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Mystery toxin: Another dog dies
ANOTHER dog has died after being exposed to a mystery toxin that is thought to have affected about 22 dogs – 11 in the forest.
Charlotte Gladman lost her dog Harley six days after coming into contact with the substance in Holmsley.
Harley, a three-and-a-half-year-old collie-Labrador-Dalmatian cross, developed a lesion on his leg after being walked near the old airfield.
Mrs Gladman, a teacher, said: “That is the only place we have taken him in the last few weeks. Six days ago he came back with a lesion on his leg and we were worried about it so we rubbed steroid cream on it and gave him antibiotics.
“But it wouldn't go away and four days later he started being sick. We took him to the vets and then he was sent to a specialist but he was just too ill and his kidneys failed.”
Mrs Gladman and her consultant engineer husband Richard took Harley to specialist vets Anderson Moores in Winchester, where many of the affected dogs have been treated. Three are known to have survived with their intervention, but sadly it was too late for Harley.
Mrs Gladman said: “He was a rescue dog that we had since he was 12 weeks old.
“The vets were so good and did all they could. I'm really grateful and they have done biopsies on Harley so hopefully the results will help them find the cause of these deaths and stop them in the future.”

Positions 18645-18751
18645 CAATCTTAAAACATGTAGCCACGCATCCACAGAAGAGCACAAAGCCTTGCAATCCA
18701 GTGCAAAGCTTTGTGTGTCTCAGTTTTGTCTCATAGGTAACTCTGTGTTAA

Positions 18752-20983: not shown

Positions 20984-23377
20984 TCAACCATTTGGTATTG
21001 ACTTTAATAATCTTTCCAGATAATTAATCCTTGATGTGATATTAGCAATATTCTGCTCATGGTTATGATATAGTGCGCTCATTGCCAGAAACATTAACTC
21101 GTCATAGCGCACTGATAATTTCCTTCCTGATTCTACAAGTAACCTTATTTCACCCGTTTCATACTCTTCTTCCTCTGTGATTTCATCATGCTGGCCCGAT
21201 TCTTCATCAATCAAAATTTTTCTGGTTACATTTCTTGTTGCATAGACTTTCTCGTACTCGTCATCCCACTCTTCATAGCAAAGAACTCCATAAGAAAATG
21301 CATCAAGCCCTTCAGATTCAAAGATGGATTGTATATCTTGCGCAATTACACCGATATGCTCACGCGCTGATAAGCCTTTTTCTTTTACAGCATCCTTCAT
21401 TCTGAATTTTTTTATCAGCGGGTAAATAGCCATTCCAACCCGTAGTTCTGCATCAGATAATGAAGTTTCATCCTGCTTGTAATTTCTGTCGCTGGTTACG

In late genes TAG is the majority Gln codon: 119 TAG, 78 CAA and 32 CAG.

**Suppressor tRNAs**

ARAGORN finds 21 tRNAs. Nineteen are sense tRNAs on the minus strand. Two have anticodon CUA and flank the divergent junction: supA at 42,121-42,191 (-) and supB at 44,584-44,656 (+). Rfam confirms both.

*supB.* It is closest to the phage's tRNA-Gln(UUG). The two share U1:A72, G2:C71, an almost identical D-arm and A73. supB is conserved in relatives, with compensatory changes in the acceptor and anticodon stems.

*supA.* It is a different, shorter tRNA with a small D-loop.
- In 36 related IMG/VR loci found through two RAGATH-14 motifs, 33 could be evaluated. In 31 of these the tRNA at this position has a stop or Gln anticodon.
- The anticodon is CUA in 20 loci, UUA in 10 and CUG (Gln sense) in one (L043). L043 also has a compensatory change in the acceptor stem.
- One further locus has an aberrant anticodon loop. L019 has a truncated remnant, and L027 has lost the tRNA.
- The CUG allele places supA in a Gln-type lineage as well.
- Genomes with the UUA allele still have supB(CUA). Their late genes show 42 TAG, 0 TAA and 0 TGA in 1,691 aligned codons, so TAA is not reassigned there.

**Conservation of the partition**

Anderson Moores head of medicine David Walker said: “Between December 2012 and March 2013 there were seven confirmed cases from the New Forest and seven from elsewhere in the country.
“Since December 2013 there are two confirmed additional cases in the New Forest. I am awaiting pathology results on two further dogs from the New Forest and another four dogs from elsewhere in the country.
“In total three of these dogs have survived.
“Most skin lesions won’t be caused by this disease, and the majority of dogs with kidney failure won’t have this problem.
“However, we want owners to be vigilant and if their dog has a skin lesion of unknown cause they should discuss this with their local vet.”
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